KNOWLEDGE

Employment tribunal awards

Morton Fraser_Innes Clark
Author
Innes Clark
Partner
PUBLISHED:
31 March 2021
Audience:
Business
category:
Factsheet

A Claimant (the person who brings the claim, i.e. the employee or worker) is successful in his or her claim, the Employment Judge has the power to make a financial award against the Respondent (the individual or organisation responding to the claim i.e. the employer) to the Claimant.

The awards the Employment Tribunal can make are subject to maximum limits, noted below:

Employment Right

Maximum Award

Unfair Dismissal

Basic award: £16,320

Unfair Dismissal

Compensatory award: lower of £89,493 or 12 months' gross pay*

A week’s pay

£544 (gross)

Additional Award

26 to 52 weeks’ pay (capped at £544 per week)

Dismissal for health and safety reasons

No limit

Dismissal for making a protected disclosure (whistleblowing)

No limit

Discrimination – race, sex, disability, sexual orientation, religion or belief, age

No limit

Breach of contract

£25,000

 

* A week's gross pay for the purposes of the statutory cap includes employer pension contributions, but excludes benefits-in-kind and discretionary bonuses. Dismissals for whistle blowing or related to certain health and safety reasons remain uncapped as do dismissals relating to unlawful discrimination.

How is the award calculated?

Any award made by the Tribunal to a successful Claimant is calculated on the basis of the Claimant’s losses to the date of the Hearing and, potentially, beyond. Financial compensation consists of basic and compensatory awards.

Basic award

The basic award is calculated in a similar way to a redundancy payment. The calculation involves multiplying the relevant factors of length of continuous service, age and a week’s pay as at the effective date of termination:

  • One and a half week’s pay for each year of employment after age 41;
  • One week’s pay for each year of employment between the ages of 22 and 40;
  • Half a week’s pay for each year of employment under the age of 22.

A cap of 20 years is placed on the period of continuous service and a week’s pay is capped at £544.

A link to a redundancy payment calculator can be found here.

Compensatory Award

The Tribunal must consider whether or not it is appropriate to make an award of compensation. The objective of such an award is to compensate fully but not to award a bonus.

Unlike the basic award, calculation of the compensatory award does not rely on any prescribed formula. The different heads of loss which the Tribunal must consider when calculating a compensatory award are:

  • Immediate loss of wages;
  • Future loss of wages;
  • Loss of employment rights;
  • Loss of pension rights.

In assessing the Claimant’s losses arising from the unfair dismissal as a matter of practice, the Tribunal will consider past and future loss.

Reductions to Award

However, there are arguments which a Respondent can make which may reduce any award made to the Claimant.

A Respondent can argue:

  • Sums already paid to the Claimant on or following dismissal (such as a redundancy payment, notice payment or an ex gratia payment) should be taken into account by the Tribunal;
  • Any state benefits the Claimant has received should be taken into account;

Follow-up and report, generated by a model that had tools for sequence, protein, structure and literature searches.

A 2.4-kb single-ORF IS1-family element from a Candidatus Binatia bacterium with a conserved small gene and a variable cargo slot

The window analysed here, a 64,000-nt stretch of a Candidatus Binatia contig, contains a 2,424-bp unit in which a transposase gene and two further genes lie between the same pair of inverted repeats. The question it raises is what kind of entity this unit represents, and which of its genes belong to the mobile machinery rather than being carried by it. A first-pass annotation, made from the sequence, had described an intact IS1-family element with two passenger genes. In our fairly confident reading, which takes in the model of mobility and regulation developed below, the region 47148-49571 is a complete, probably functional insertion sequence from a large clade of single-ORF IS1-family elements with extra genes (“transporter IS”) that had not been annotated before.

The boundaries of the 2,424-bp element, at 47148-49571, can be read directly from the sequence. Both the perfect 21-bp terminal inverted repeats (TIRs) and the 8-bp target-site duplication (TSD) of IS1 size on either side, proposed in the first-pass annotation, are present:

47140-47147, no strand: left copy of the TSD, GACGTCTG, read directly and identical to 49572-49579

• A “Polkey deduction” should be made  - i.e. the compensatory award should be reduced or limited to reflect the chances that the Claimant would have been dismissed in any event and that the Respondent’s procedural errors made no difference to the outcome;
  • Contributory fault -- the compensatory award should be reduced because the Claimant’s conduct contributed to the dismissal;
  • The Claimant failed to mitigate his/her loss and any award should be reduced as a result of this;
  • The Claimant failed to comply with the ACAS code and any award should be reduced accordingly.

Employment Tribunal Statistics

The Employment Tribunal has published statistics on the level of awards made by the Employment Tribunal for the period from 1 April 2019 to 31 March 2020. The maximum awarded, average and median awarded for unfair dismissal and discrimination claims are set out below.

 

Maximum Award

Median Award

Average Award

Unfair Dismissal

£118,842

£6,646

£10,812

Race Discrimination

£30,330

£8,040

£9,801

Sex Discrimination

£73,619

£14,073

£17,420

Disability Discrimination

£265,719

£13,000

£27,043

Religion/belief Discrimination

£0

£0

£0

Age Discrimination

£243,636

£11,791

£38,794

Sexual Orientation Discrimination

£96,645

£9,245

£27,936

The full report is available here (see Employment Tribunal and Employment Appeal Tribunal Tables 2019 to 2020).

Although the maximum awarded by a Tribunal for unfair dismissal exceeds the statutory cap (currently £89,493), it should be noted that the cap does not apply where the reason for dismissal is for whistleblowing or raising certain health & safety issues.

For an overview of the law relating to unfair dismissal see our article on Unfair Dismissal.

You can also find Innes on Google+ and Twitter or connect with him on LinkedIn.

Disclaimer

The content of this webpage is for information only and is not intended to be construed as legal advice and should not be treated as a substitute for specific advice. Morton Fraser LLP accepts no responsibility for the content of any third party website to which this webpage refers.  Morton Fraser LLP is authorised and regulated by the Financial Conduct Authority.